I followed his gaze, and saw that Box No. 7 was no longer occupied by the fan.

"I suppose you saw her off? Well, I do not admire your taste, I must confess—nor Claire's—to go when Francesca was beginning to touch her grandest height. Whew! you lovers make me blush for you."

"Tom." I said, anxious to lead him from all mention of Claire, "you must forgive me for having laughed at your play."

"Forgive you! I will forgive you if you weep during the next act; only on that condition."

How shall I describe the last act? Those who read "Francesca" in its published form can form no adequate idea of the enthusiasm in the Coliseum that night. To them it is a skeleton; then it was clothed with passionate flesh and blood, breathed, sobbed and wept in purest pathos; to me, even now, as I read it again, it is charged with the inspiration of that wonderful art, so true, so tender, that made its last act a miracle. I saw old men sob, and young men bow their heads to hide the emotion which they could not check. I saw that audience which had come to criticise, tremble and break into tumultuous weeping. Beside me, a greyheaded man was crying as any child. Yet why do I go on? No one who saw Clarissa Lambert can ever forget—no one who saw her not can ever imagine.

Tom had bowed his acknowledgments, the last flower had been flung, the last cheer had died away as we stepped out into the Strand together. The street was wrapped in the densest of November fogs. So thick was it that the lamps, the shop windows, came into sight, stared at us in ghostly weakness for a moment, and then were gone, leaving us in Egyptian gloom. I could not hope to see Claire to-night, and Tom was too modest to offer his congratulations until the morning. Both he and I were too shaken by the scene just past for many words, and outside the black fog caught and held us by the throat.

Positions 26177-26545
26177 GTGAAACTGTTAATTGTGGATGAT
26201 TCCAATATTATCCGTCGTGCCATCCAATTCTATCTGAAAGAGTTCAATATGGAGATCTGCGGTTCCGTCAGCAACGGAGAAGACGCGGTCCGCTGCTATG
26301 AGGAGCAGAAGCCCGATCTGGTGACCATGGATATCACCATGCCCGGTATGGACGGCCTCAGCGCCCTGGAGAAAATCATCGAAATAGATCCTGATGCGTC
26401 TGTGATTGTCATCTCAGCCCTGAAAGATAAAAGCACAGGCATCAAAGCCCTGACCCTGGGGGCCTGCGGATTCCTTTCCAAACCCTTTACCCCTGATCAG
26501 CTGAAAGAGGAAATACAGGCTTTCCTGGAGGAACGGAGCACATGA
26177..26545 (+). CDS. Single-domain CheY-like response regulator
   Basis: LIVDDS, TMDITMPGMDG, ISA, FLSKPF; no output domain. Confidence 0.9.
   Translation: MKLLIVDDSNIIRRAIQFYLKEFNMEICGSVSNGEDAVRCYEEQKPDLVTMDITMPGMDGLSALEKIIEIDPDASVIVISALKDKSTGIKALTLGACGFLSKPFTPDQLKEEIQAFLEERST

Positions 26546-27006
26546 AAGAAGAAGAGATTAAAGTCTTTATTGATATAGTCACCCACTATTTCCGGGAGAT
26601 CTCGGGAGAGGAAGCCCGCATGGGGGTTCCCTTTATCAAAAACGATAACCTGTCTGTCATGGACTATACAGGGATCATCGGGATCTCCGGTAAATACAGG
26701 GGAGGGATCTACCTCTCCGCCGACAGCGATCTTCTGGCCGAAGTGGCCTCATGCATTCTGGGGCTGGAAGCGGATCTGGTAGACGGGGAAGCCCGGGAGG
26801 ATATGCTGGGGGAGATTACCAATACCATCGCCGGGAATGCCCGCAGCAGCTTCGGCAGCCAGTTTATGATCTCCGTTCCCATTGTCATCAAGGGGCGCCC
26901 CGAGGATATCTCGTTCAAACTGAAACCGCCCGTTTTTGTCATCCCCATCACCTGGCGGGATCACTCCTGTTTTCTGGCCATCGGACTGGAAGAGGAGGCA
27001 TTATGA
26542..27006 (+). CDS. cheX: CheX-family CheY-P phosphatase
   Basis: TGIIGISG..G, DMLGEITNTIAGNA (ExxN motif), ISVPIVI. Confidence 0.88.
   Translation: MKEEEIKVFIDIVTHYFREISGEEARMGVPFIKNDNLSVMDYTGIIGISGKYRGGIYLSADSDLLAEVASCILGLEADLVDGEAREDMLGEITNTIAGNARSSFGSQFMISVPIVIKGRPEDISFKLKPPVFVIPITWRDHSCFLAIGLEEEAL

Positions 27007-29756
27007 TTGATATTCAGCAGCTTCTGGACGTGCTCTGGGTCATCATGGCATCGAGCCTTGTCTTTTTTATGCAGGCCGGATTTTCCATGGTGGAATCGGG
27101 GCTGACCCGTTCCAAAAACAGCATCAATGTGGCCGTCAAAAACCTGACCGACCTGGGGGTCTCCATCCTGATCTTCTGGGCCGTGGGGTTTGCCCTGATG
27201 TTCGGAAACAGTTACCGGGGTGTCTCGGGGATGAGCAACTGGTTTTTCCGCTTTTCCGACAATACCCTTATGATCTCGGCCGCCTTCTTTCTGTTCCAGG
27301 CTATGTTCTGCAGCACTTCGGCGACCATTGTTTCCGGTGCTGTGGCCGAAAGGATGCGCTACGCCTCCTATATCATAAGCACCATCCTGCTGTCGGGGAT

Even in the pitchy gloom I could feel that Tom's step was buoyant. He was treading already in imagination the path of love and fame. How should I have the heart to tell him? How wither the chaplet that already seemed to bind his brow?

Tom was the first to break the silence which had fallen upon us.

"Jasper, did you ever see or hear the like? Can a man help worshipping her? But for her, 'Francesca' would have been hissed. I know it, I could see it, and now, I suppose, I shall be famous.

"Famous!" continued he, soliloquising. "Three months ago I would have given the last drop of my blood for fame; and now, without Clarissa, fame will be a mockery. Do you think I might have any chance, the least chance?"

How could I answer him? The fog caught my breath as I tried to stammer a reply, and Tom, misinterpreting my want of words, read his condemnation.

"You do not? Of course, you do not; and you are right. Success has intoxicated me, I suppose. I am not used to the drink!" and he laughed a joyless laugh.

Then, with a change of mood, he caught my hat from off my head, and set his own in its place.

"We will change characters for the nonce," he said, "after the fashion of Falstaff and Prince Hal, and I will read myself a chastening discourse on the vanity of human wishes. 'Do thou stand for me, and I'll play my father.' Eh, Jasper?"

"'Well, here I am set,'" quoted I, content to humour him.

"Well, then, I know thee; thou art Thomas Loveday, a beggarly Grub Street author, i' faith, a man of literature, and wouldst set eyes upon one to whom princes fling bouquets; a low Endymion puffing a scrannel pipe, and wouldst call therewith a queen to be thy bride. Out upon thee for such monstrous folly!"

In his voice, as it came to me through the dense gloom, there rang, for all its summoned gaiety, a desperate mockery hideous to hear.

"Behold, success hath turned thy weak brain. But an hour agone enfranchised from Grub Street, thou must sing 'I'd be a butterfly.' Thou art vanity absolute, conceit beyond measure, and presumption out of all whooping. Yea, and but as a fool Pygmalion, not content with loving thine own handiwork, thou must needs fall in love with the goddess that breathed life into its stiff limbs; must yearn, not for Galatea, but for Aphrodite; not for Francesca, but for—Ah!"

What was that? I saw a figure start up as if from below our feet, and Tom's hand go up to his breast. There was a scuffle, a curse, and as I dashed forward, a dull, dim gleam—and Tom, with a groan, sank back into my arms.

That was all. A moment, and all had happened. Yet not all; for as I caught the body of my friend, and saw his face turn ashy white in the gloom, I saw also, saw unmistakably framed for an instant in the blackness of the fog, a face I knew; a face I should know until death robbed my eyes of sight and my brain of remembrance—the face of Simon Colliver.

A moment, and before I could pursue, before I could even shout or utter its name, it had faded into the darkness, and was gone.